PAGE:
/News

November 30, 2023

Remote control: maintaining patient safety in the age of remote primary care

Healthcare NewsInsight

By Will Marshall, Head of Legal and Risk Management

Remote control: maintaining patient safety in the age of remote primary care

An extensive UK-wide study published earlier this week has found that consultations conducted remotely can be riskier for patients with certain urgent medical conditions.

Although most remote consultations are safe, according to the Remote by Default study published in the journal BMJ Quality and Safety, some remote GP consultations carry more risk for vulnerable patients with certain urgent conditions. These include remote appointments with patients with new chest or abdominal pain, those receiving palliative care, and people with physical injuries or diabetes.

The report found that these groups of patients face increased safety risks in a remote context, including missed or inaccurate diagnoses, under-estimation of severity, delayed referral and treatment and inadequate follow-up.

The Remote by Default study was carried out by research teams from the Universities of Oxford and Plymouth and the Nuffield Trust. The researchers identified various patient factors that make online healthcare appointments intrinsically riskier. These included appointments with patients who are very old or very young, those in certain care settings, and those facing communication challenges such as language barriers, deafness, or learning disabilities. The study found that remote consultations could also be riskier for patients who find it hard to understand how the healthcare system works or those who either don’t possess or struggle with using technology, particularly a smartphone, for such appointments.

The growth in remote medicine

There has been a rapid growth in remote consultations in primary care since the onset of the covid pandemic in 2020. The pandemic resulted in a sudden and dramatic shift towards remote consultations, which were essential to safeguard patients and staff. The vast majority of GP patients received care over the phone during this period.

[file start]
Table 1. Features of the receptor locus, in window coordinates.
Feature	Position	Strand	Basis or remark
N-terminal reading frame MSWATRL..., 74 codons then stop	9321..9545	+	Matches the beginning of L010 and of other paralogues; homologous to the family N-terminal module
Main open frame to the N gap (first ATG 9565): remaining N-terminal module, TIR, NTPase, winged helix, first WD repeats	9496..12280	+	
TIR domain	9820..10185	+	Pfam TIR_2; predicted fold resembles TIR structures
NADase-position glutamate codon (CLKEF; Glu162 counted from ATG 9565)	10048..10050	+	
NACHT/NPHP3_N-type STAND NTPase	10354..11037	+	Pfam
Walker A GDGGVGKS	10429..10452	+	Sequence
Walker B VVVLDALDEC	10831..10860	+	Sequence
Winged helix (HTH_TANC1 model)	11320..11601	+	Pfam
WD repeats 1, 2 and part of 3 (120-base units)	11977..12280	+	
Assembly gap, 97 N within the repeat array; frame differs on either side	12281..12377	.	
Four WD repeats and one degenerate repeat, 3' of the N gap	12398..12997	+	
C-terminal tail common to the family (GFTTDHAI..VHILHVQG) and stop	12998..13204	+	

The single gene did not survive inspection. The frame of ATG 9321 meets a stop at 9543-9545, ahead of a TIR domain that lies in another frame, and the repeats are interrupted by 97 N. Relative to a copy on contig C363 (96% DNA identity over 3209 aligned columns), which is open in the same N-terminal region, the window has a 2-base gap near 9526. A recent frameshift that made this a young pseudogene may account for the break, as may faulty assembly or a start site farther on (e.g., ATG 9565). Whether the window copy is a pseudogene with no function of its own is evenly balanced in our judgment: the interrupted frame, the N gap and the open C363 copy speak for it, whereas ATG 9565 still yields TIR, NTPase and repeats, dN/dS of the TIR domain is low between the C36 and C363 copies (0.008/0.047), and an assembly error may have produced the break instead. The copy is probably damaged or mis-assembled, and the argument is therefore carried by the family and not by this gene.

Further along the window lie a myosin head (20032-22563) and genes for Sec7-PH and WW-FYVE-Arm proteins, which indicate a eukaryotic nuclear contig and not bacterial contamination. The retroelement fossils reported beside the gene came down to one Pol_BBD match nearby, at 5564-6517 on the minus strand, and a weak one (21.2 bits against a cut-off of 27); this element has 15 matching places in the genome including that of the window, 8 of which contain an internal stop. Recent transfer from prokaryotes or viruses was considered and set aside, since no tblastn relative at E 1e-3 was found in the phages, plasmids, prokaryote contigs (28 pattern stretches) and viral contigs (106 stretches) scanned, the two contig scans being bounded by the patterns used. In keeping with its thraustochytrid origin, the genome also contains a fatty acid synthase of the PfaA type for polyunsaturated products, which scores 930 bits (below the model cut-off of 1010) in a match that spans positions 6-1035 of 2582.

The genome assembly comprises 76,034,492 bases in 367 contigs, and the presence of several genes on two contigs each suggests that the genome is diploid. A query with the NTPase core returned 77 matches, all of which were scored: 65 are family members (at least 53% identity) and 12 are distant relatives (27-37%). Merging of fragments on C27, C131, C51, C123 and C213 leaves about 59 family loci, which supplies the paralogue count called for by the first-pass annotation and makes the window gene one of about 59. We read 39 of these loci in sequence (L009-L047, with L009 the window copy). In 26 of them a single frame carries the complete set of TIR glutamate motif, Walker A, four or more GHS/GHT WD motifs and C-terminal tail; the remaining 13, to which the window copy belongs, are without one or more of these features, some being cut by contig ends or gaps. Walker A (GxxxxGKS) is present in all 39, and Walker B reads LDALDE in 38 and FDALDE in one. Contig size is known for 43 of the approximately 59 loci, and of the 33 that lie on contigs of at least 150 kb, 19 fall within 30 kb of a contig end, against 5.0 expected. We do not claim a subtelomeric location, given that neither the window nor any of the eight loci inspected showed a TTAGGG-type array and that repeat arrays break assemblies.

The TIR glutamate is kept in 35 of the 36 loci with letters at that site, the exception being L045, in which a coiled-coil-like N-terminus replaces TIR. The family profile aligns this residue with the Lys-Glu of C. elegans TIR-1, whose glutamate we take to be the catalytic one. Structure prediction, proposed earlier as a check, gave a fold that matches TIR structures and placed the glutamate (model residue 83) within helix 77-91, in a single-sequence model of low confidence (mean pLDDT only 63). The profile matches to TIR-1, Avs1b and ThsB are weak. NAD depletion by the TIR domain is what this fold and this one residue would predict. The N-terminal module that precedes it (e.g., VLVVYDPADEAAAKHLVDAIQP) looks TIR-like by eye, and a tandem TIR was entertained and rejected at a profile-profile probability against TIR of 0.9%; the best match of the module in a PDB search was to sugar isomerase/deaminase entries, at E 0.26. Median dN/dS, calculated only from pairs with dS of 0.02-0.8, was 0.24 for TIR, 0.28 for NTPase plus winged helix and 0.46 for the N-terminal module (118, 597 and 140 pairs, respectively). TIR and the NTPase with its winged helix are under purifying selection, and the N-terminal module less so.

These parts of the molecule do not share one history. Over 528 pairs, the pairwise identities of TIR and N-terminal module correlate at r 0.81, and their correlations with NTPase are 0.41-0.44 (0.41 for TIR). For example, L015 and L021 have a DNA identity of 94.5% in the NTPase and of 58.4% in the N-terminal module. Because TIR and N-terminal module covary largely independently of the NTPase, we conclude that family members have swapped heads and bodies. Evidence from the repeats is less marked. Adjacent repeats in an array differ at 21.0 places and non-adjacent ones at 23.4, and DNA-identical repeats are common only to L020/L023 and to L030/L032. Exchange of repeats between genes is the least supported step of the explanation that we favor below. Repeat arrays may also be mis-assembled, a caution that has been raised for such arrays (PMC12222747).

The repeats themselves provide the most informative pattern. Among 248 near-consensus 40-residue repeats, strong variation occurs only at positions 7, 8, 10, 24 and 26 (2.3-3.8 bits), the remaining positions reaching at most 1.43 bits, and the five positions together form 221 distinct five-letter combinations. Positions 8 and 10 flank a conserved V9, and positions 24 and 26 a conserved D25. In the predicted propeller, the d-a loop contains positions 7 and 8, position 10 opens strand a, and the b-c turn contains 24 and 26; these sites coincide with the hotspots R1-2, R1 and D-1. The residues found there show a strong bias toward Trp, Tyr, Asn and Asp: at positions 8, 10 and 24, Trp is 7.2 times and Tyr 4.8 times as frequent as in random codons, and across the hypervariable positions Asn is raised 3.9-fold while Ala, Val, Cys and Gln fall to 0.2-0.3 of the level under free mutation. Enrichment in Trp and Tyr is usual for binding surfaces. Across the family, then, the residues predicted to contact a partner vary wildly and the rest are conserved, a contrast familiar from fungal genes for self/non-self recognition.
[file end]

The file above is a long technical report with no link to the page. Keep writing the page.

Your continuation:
As the pandemic pressures have eased, there has been a significant return to in-person appointments. However, telephone and online consultations using electronic forms are increasingly seen as crucial methods for delivering care. Rightly or wrongly – and the evidence is ambivalent – remote medicine is widely considered by government departments and commissioning bodies to represent a proportionate and cost-effective solution to reduced capacity and stretched resources. The genie is out of the bottle, and it looks like it’s here to stay.

Lessons for health and care providers

The Remote by Default paper identified a number of key steps for clinical staff, practices, and patients to enhance the quality and safety of remote consultations:

Effective communication skills: The researchers emphasised the importance of effective soft skills in eliciting a full history that is vital to make an accurate assessment remotely of the nature, severity, and urgency of the presenting problem. Researchers concluded that it is essential for clinical staff to make patients comfortable and to establish a good rapport on the phone, and to carefully listen to their story and clarify any points as needed. There is also an increased onus on staff conducting remote appointments to take a very thorough note of the patient's (or parent's or carer's) concerns.

Clear communication at the end of consultations: Clinicians should take care to ensure that patients understand the next steps in their care and know whom to contact if things don't go as planned. Best practice is that verbal advice should always be followed up with a text or email, and clinicians should have patients repeat back the instructions to ensure clarity.

Enhancing practice processes: The report identified a number of ways that practices can improve the safety of remote consultations by refining their processes to prevent patients from getting confused and ‘lost in the system’. Additionally, working arrangements should be adjusted to minimise distractions for staff handling incoming calls.

Active patient involvement: The report also highlighted the responsibilities that service users have in ensuring the effectiveness of their remote consultations. They should inform their clinicians of all key points about their condition, even if shared with another team member, and make it clear whether their condition is deteriorating. The report emphasised that patients should feel empowered to request an in-person appointment if they've had two remote appointments without improvement and ask for written information via text message for further instructions.

Conclusion

Although there has been a significant return to in-person appointments since the end of the pandemic, it’s clear that remote delivery of primary care – whether by phone or online – is here to stay.The Remote by Default paperis a serious and important study into the increased safety risks for vulnerable patients that are associated with these modes of delivery of health and care services. The paper again emphasises the importance to providers of ensuring that they take a careful history, that they communicate clearly and that they keep a very clear record of the appointment, to help manage and reduce these risks.

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